Photos From Guy Banned By Coffeeshop

So, the amateur street photographer who was banned from a coffeeshop for creeping people out? Here’s his Flickr stream. And here’s the picture of the girl smoking that got him banned in the first place:

It’s obvious from his stream that these are not pervy upskirt shots or anything, and some of them are pretty good, but if people ask you to stop taking pictures of them and you continue, expect some backlash.

For instance, this photo is called, “You have to ask to take my picture!”, the caption reads, “Being confronted for making candid photos is a frequent event for a street photographer,” and a comment by the photographer says, “He caught me after I took the first shot and immediately began lecturing. So, I held the camera at chest level and kept firing away. Funny thing is, he couldn’t hear my mirror slapping over his own, jeering voice, so, I had a choice pictures to choose from.”

The photographer knew what he was doing and he relishes pushing the boundaries.

Here is a statement from the photographer himself:

You shouldn’t believe everything you read in the newspaper. I had hoped that the paper would have given me the chance to explain the real story. The reporter told me that he would print the picture that caused the stink and that he would print a link to my photos. He didn’t do either of these things. He also didn’t tell me what the coffee house was saying about me despite that I directly asked him, thus giving me no chance to refute their silly allegations.

I am not out there sneaking around taking pictures of women. In fact, I ask permission a lot before taking pictures of many subjects. And, if you look at my stream you’ll be able to see that. You should also be able to tell from my photos that I most commonly use smaller focal length lens. Specifically, I use a Zeiss 28, 35 and 50. That telephoto there talking about is a big, bad 135mm.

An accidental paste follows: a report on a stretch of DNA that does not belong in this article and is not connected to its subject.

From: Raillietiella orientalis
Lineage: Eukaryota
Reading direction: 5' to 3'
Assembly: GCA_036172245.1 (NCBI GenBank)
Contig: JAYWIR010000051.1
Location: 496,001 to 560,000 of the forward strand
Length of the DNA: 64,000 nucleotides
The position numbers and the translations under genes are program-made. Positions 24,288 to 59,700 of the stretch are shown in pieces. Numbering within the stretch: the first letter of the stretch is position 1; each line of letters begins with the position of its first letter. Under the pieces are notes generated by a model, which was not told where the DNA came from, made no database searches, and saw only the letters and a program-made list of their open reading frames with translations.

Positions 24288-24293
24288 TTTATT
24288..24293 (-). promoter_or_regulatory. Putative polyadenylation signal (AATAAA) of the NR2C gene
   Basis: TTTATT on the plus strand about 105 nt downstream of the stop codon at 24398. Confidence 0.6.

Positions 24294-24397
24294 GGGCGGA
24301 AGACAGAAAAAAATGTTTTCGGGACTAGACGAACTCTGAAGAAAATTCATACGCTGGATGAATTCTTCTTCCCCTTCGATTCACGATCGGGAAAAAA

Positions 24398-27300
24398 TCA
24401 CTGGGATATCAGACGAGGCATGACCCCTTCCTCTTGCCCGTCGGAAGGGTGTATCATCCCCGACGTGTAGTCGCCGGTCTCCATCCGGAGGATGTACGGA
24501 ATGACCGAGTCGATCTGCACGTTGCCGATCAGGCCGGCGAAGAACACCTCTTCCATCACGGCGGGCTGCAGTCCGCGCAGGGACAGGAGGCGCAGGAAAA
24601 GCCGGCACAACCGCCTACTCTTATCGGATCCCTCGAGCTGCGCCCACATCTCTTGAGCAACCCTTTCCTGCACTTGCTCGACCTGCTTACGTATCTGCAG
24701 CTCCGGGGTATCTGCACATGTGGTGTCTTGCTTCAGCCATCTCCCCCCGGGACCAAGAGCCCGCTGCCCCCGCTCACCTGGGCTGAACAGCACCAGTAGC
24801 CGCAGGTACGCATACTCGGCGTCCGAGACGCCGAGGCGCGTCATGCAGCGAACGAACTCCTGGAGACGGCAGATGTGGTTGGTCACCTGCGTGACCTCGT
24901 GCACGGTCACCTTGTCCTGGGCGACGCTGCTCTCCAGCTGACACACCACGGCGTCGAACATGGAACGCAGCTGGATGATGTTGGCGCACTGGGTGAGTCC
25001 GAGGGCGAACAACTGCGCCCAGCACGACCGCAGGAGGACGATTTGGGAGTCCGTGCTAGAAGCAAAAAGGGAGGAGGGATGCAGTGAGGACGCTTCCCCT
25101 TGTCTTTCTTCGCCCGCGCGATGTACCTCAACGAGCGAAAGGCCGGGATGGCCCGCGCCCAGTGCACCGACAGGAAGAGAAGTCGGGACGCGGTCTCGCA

I’ll post below what I posted in the rangefinder forums. Please, try to keep an open mind.

I’m the guy they banned. The irony is that I seldom photograph young women. I’m more interested in the old and disabled. I did, however, take a photo of a fellow sitting in the window of the coffee house that has insisted on the ban. The manager saw me and came out and read me the riot act. I explained that I had done nothing wrong and tried to walk away but she followed me down the street a ways yelling at me. That was the first incident.

Here is the photo:

www.flickr.com/photos/38261591@N06/4329047952/

The second encounter, is described well enough in the article. I was using a telephoto lens that day to create a compressed perspective between foreground and background. Why? Because I thought it made for pretty pictures of the snow falling. I was far enough away from the store that I didn’t realize she was associated with it. She was outside smoking and, with the snow in the background, the scene looked timeless. So, I took the picture.

She became aware of me just after I took it. She yelled at me. Told me to stop taking her picture. She was very agitated. I simply said “ok” and then she insisted that I delete the one I had taken. I told her that I couldn’t do that. I then turned away and left. It was obvious she wasn’t interested in why I was taking pictures on the street. Here’s the photo:

www.flickr.com/photos/38261591@N06/4386517442/

Also, I’ve since learned that the woman in the photo is the same manager who confronted me the previous time. It was my error that I didn’t recognize her the second time. For this I am deeply sorry. Had I realized it was the same gal I would have passed up on the shot. I need to make a correction. The person in the photo is not Mara but another worker for the coffee shop named Rose. I misunderstood the information previously provided to me. Sorry.

The following Monday I was banned.

Yes, I made candid photos in the street. I was only trying to document the social landscape. It was my belief that posed shots or shots where they had given consent would be inauthentic. But, that being said, I did often ask for permission simply because there was no other way to get the shot.

Now, photography was a hobby. It was fun. But, I have a wife, two kids and a lot of other responsibilities that going along with family life and home ownership. I don’t have the energy to fight these people.

I’ve put my cameras away.

(Thanks to Craig!)

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